Rep. Gene Ward, one of six Republicans in the 51-member chamber dominated by Democrats, opposed the bill. He said regulating midwives would be governmental overreach and that the bill doesn’t offer a clear path to licensure.

Rep. Gene Ward said Tuesday that requiring midwives to be licensed would be governmental overreach.

Blaze Lovell/Civil Beat

Several lawmakers shared anecdotal stories they heard or even experienced involving malpractice by midwives.

Rep. Chris Lee recounted the story of an obstetrician he knew who had to tend to a pregnant mother who was hemorrhaging after she was treated by a midwife.

“How many dead babies, how many dead mothers does it take to change things?” Lee said.

Ward criticized proponents’ use of anecdotes, as well as the apparent lack of in-state data regarding midwifery.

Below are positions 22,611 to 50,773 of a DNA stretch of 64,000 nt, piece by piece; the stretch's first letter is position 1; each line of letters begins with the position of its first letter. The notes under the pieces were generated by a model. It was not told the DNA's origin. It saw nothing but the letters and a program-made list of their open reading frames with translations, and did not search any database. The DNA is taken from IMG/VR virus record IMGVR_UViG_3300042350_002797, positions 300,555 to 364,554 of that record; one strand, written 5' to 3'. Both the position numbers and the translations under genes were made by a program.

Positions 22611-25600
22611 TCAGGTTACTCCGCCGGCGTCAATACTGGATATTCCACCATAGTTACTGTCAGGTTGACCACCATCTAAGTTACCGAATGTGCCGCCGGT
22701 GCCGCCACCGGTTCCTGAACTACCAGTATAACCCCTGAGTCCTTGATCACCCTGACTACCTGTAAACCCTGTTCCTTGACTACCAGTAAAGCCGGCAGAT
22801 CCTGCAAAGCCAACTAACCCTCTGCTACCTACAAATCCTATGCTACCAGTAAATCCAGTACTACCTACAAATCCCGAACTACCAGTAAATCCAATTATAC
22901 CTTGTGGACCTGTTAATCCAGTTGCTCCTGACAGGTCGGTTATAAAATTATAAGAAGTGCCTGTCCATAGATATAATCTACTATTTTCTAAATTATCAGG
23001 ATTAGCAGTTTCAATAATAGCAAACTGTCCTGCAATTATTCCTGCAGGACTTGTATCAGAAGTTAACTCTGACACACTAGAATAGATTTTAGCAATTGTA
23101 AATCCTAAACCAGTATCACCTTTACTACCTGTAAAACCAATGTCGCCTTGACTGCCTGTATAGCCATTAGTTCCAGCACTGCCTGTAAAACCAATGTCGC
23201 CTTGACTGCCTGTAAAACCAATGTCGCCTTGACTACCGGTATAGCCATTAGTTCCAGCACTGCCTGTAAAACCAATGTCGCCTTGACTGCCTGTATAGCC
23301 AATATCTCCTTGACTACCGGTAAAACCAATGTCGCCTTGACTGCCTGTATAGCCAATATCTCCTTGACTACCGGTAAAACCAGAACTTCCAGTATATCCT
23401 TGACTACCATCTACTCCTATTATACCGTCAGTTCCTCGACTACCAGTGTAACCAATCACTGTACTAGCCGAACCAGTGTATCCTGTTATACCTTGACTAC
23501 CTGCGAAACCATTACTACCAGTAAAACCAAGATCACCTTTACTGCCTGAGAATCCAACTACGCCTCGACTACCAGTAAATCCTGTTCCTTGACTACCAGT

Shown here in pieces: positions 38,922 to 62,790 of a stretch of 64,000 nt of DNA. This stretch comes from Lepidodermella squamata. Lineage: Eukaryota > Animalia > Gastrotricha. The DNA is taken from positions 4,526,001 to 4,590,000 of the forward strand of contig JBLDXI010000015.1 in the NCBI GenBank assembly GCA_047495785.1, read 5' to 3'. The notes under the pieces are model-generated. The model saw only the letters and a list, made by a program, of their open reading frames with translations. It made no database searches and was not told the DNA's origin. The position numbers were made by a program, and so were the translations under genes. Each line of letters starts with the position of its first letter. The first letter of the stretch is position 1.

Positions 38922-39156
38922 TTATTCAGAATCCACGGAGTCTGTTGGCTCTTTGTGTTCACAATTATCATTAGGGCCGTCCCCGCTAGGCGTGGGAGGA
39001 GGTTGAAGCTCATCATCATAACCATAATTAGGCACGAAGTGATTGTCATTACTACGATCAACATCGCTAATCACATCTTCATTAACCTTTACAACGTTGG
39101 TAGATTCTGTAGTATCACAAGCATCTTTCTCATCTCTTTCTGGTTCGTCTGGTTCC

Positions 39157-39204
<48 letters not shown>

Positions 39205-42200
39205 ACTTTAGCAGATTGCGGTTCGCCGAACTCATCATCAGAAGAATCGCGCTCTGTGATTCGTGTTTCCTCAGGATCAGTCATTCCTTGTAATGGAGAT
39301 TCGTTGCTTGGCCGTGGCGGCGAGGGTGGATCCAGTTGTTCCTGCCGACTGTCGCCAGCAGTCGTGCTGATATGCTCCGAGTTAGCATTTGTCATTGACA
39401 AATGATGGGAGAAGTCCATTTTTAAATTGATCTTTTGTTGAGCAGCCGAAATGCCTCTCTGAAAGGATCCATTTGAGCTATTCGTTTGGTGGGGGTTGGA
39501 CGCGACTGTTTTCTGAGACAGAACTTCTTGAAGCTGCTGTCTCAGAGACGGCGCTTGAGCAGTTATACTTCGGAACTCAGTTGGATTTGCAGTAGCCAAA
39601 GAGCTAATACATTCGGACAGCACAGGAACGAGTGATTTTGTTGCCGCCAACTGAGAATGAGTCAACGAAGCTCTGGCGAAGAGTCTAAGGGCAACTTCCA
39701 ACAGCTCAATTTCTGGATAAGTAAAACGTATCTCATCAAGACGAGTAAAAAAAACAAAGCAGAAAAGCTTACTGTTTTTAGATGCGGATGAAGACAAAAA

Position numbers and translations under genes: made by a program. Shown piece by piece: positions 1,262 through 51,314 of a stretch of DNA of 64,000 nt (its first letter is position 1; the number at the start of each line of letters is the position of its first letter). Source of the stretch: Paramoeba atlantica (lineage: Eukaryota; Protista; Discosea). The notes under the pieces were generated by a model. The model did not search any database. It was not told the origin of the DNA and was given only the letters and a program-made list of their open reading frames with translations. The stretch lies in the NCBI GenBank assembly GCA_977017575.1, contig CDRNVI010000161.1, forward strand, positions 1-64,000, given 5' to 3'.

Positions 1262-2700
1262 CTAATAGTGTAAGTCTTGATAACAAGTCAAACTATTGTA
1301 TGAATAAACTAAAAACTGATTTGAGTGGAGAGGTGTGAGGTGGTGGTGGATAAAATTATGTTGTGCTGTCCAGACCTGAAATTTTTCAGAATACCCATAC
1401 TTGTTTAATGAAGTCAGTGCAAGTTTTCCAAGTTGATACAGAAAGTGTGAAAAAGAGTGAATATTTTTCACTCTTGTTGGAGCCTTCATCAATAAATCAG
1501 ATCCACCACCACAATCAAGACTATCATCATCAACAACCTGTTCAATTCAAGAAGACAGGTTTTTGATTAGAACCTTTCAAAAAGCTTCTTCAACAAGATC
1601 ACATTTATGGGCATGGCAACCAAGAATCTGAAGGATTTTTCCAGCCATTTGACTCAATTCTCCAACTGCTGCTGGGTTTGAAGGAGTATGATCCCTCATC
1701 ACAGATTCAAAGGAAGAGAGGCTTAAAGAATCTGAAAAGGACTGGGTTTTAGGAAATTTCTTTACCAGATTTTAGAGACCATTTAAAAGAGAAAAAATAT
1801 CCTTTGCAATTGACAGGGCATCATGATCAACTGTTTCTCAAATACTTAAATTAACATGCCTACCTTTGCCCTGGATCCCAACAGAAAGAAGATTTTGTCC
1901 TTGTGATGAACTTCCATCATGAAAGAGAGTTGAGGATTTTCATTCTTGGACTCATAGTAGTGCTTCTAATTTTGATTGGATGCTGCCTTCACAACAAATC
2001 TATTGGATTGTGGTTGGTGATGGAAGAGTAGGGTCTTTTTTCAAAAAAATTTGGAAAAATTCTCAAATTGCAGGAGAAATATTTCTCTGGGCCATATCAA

Rep. Ty Cullen, citing national data, said death rates are higher in states that don’t license midwives.

A 2009 study of 1,000 births by Canadian researchers found that at-home deliveries could be just as safe as those in hospitals if the midwife performing the birth was credentialed.

There was also concern that the bill could sweep cultural practitioners into its regulations. House lawmakers previously amended the bill to create different measures to regulate those types of birth attendants by 2023.

The bill would also create a legislative task force to study at-home births.

Supporters say regulating midwives is no different than doing so with any other medical practice.

“Ultimately, I feel very strongly that whenever we have issues that touch on health services, I think licensure is importation,” said Rep. Dan Holt.

Taxing Vacation Rentals

Lawmakers eager to gather tax revenue from the state’s flourishing, yet mostly unpermitted, vacation rental sector passed legislation that would require websites like Airbnb to collect and pay taxes on behalf of short-term rental hosts.